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Cancer-hit teen star of Taylor Swift parody finally finds a bone marrow match

By Victoria O'Hara

A teenage cancer patient who appeared in a parody video of Taylor Swift's Bad Blood has spoken of her relief at finally finding a suitable donor.

Bethany Courtney, from Co Down, was asked by US filmmaker Kevin McDevitt to appear in his spoof to raise awareness of the blood cancer she and he were battling. The video has since gone viral, with tens of thousands of views from around the world.

Schoolgirl Bethany was 16 when she was diagnosed with two rare cancers in August 2013 after three months of symptoms including night sweats, bruises and feeling overly tired. The cancers are aplastic anaemia and PNH, a form of the disease that destroys red blood cells.

With a bone marrow donor finally being found in June, 18-year-old Bethany will undergo her potentially life-saving procedure later this month.

Speaking to the Belfast Telegraph, the Downe High pupil explained she was travelling to a Leeds hospital on October 6.

"I'm so happy that it's finally happening, because the bone marrow transplant is the best option for me to have to treat my illness," she said. "Having the chance is great.

"I found out at the end of June I had a match. It was a bittersweet moment because we were told there was a match, but he wasn't available until October. We had hoped that if I had it during August I could get back to school in January, but that didn't work.

"I'll have chemotherapy afterwards for the first time, for about three months.

"It will be a bit scary, but it was a huge relief."

Bethany described the past two years as a "rollercoaster", but said one of the high points was passing her GCSEs despite battling her illness.

"I was just about to start fifth year, and I wasn't there for most of the year, but I still tried to do my best in GCSEs," she added.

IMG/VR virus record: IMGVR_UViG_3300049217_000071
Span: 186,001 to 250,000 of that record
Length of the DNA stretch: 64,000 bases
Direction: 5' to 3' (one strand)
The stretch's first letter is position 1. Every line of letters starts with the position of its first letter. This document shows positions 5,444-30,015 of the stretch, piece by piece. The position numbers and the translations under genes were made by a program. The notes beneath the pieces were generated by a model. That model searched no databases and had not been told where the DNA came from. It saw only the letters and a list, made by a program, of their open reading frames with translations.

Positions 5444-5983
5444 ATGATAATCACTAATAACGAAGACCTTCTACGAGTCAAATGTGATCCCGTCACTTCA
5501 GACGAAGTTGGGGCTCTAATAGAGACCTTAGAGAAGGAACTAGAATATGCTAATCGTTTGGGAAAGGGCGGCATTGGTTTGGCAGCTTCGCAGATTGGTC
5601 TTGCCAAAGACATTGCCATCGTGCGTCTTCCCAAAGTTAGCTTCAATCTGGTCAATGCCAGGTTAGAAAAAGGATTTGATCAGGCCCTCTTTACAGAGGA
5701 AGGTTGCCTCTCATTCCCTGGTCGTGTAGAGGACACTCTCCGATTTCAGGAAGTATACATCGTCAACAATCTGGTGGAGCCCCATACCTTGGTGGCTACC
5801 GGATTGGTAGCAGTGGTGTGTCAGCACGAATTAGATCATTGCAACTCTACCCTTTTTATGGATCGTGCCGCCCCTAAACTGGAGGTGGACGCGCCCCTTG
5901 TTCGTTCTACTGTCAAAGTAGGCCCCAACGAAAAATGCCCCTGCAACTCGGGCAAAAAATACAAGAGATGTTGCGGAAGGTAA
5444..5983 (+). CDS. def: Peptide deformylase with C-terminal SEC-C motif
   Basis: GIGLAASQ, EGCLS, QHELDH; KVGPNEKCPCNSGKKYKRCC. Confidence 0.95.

"I did get all of them and got two A*s in art and technology, one A and seven Bs. I was expecting C and Ds, so we were just overwhelmed."

Another high point for her was appearing in Kevin's 'Good Blood' video, the opportunity for which came about after Bethany and her mum got to know him through a Facebook page for people with blood cancer.

"I usually don't like seeing myself in photos or videos, but I thought it was so good for awareness, and I'm only in it for a few seconds," Bethany said.

"I thought the video was brilliant. I just put my iPad on the shelf and filmed myself!"

After the bone marrow transplant, Bethany will spend three months recovering, but she is looking forward to a healthier future.

"It has been a rollercoaster. There are the ups and downs and then there are things you are just not expecting. I've been in denial and angry about it all, but I realised it didn't help. Now I'm just more accepting about what I'm going through. I know it sounds cliched, but the more positive you are, the better it is."

Bethany's mum Roslyn Preen said the family had faith in the medical teams set to treat her daughter. She added: "The team at St James, led by Prof Gordon Cook, will have it all in hand and, in liaison with Prof Peter Hillmen (head of the PNH team in Leeds) and Prof Mary Frances McMullin, consultant at Bridgewater Clinic in Belfast City Hospital, they will guide and support us through this period. We know that we are in good hands."

Every week in Northern Ireland three children, teenagers or young people are diagnosed with cancer. Belfast City Hall was lit up gold last night to mark the end of Childhood Cancer Awareness Month.

To become a bone marrow donor, visit To see Bethany's video, visit watch? v=ZHJbAjvZ5QE&

Belfast Telegraph


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